Hold on to the precious time with your children because it goes by at warp speed

Tanika Davis’ children, at ages 2, 4 and 4, when she hoped that they would stay young forever.
Tanika Davis’ children, at ages 2, 4 and 4, when she hoped that they would stay young forever. (Photo by Tanika Davis)

After another long day of sitting, staring at screens, the children and I went for an evening walk around our neighborhood. The sun was just starting to set, and as we walked, we all admired the sky’s cotton-candy-hued beauty.

Dreamily, my 8-year-old said, “I love it when the sky is that color. What’s it called? Pinklewerry?”


Because this is a child who still sometimes says callapitter for caterpillar, I quickly figured out that she meant “periwinkle.” And my heart almost burst from the adorableness.

I hugged her and kissed the top of her little pig-tailed head — my last child, my littlest baby — and silently wished she would accidentally say pinklewerry the entirety of her life.


“Mom,” she said as she squirmed away from me. “I am trying. [Eye roll]. To exercise.”

I was reminded of this scene the other day when I learned that my middle son was a co-star in a TikTok video, where he danced alongside his cousins and looked confidently into the camera with the kind of swag more likely assigned to the bad boy in an R&B group.

I am not exaggerating when I tell you I watched that 15-second video probably 30 or more times. I was so fascinated by the boy-child in it who resembles my son, but couldn’t possibly be. How is he as tall as my 13-year-old niece, the ringleader of this dance-off? What does he know about snapping on the 2 and the 4? When did his cheekbones sharpen?

His brother, the older twin, wants the top of his hair dyed, Odell Beckham Jr.-style. His gorgeous baby curls that smell like snuggles and mother’s milk. Dyed the way a football player who has 86 tattoos on his body, including some drawn by a man called “Bang Bang.”

How did we get here?

This time, nine years ago (I know because I looked it up in the blog I kept when the kids were small), the future TikTok star could say eight words and Odell-to-be could utter only 14, one of which was boo-ruh meaning toothbrush.

And my baby girl with the penchant for malapropisms wasn’t even born!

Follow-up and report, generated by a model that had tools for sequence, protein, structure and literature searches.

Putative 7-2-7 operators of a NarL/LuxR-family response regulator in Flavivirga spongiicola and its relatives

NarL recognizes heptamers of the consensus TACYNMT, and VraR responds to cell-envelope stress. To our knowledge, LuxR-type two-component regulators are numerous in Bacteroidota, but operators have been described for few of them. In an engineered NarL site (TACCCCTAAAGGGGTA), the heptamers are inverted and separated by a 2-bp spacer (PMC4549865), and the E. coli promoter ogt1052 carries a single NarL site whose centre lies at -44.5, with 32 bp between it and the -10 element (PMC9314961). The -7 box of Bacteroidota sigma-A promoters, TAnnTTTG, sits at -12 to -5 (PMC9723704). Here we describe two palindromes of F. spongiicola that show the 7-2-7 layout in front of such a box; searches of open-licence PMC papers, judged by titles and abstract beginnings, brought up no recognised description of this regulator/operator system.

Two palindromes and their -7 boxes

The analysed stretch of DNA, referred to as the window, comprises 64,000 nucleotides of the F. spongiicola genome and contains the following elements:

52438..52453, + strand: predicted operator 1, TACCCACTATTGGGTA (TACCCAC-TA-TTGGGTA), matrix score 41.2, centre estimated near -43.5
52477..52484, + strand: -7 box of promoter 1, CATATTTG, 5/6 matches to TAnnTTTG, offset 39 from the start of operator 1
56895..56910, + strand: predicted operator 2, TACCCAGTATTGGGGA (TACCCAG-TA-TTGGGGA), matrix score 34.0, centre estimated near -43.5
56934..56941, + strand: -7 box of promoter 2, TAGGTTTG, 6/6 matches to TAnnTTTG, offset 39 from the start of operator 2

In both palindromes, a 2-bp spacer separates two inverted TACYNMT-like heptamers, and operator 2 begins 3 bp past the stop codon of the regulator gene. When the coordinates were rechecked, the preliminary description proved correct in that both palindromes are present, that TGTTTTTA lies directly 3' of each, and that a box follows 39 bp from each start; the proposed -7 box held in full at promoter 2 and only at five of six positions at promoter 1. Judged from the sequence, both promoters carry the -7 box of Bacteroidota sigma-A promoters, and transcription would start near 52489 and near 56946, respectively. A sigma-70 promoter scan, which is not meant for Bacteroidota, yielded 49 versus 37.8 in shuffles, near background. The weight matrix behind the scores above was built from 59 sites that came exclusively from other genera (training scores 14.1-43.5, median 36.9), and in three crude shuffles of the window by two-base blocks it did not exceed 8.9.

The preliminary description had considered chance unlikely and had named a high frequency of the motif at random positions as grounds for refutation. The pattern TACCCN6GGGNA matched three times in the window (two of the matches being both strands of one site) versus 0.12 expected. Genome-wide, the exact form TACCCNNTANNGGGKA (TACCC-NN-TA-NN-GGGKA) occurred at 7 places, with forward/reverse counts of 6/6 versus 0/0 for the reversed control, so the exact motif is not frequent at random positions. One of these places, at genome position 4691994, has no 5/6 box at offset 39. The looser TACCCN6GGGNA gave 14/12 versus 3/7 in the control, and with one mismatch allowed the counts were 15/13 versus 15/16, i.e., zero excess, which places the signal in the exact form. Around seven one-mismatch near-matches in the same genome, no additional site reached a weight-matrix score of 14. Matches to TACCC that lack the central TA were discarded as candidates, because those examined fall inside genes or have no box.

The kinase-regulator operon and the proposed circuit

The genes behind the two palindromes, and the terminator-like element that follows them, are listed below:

How does one go from not existing to having outsized attitude just like that? How did the boys who once loved Skippyjon Jones and Chicka Chicka Boom Boom become so tweenish?

Did it happen while I was at work? When we were sleeping? Is it the hormones in the food? All the screen time? WHERE DID WE GO WRONG?!

I once read a blog post called “The Tail End” that laid out in graphic form the lifespan of a person who lives to be 90. The post contained multiple charts that measured the months, weeks and days of that person’s life. It also measured his life in events or activities, such as how many visits to the beach he can take or books he could find time to read. The numbers were shockingly small, even for a person who lives to be 90.

The most sobering of all in the blog post was a section on important relationships, particularly those with parents.

“It turns out that when I graduated from high school, I had already used up 93% of my in-person parent time,” the blogger wrote. “I’m now enjoying the last 5% of that time… You realize that despite not being at the end of your life, you may very well be nearing the end of your time with some of the most important people in [in your life].”


The sad reality is that, provided they move out for college, my growing, changing boys already have lived in my house longer than they have left to live in it. My speak-her-mind daughter isn’t far behind.

The blogger ended his post with three takeaways, the final one is: “Quality time matters. If you’re in your last 10% of time with someone you love, keep that fact in the front of your mind when you’re with them and treat that time as what it actually is: precious.”

I’m not at the last 10% with my children, but they’re showing all the signs that we’re headed for it at warp speed.

So before we get to the tail end, I intend to treat each precious day with each of them for what it is — unique, beautiful and pinklewerry, like the setting of the sun on a summer’s night.

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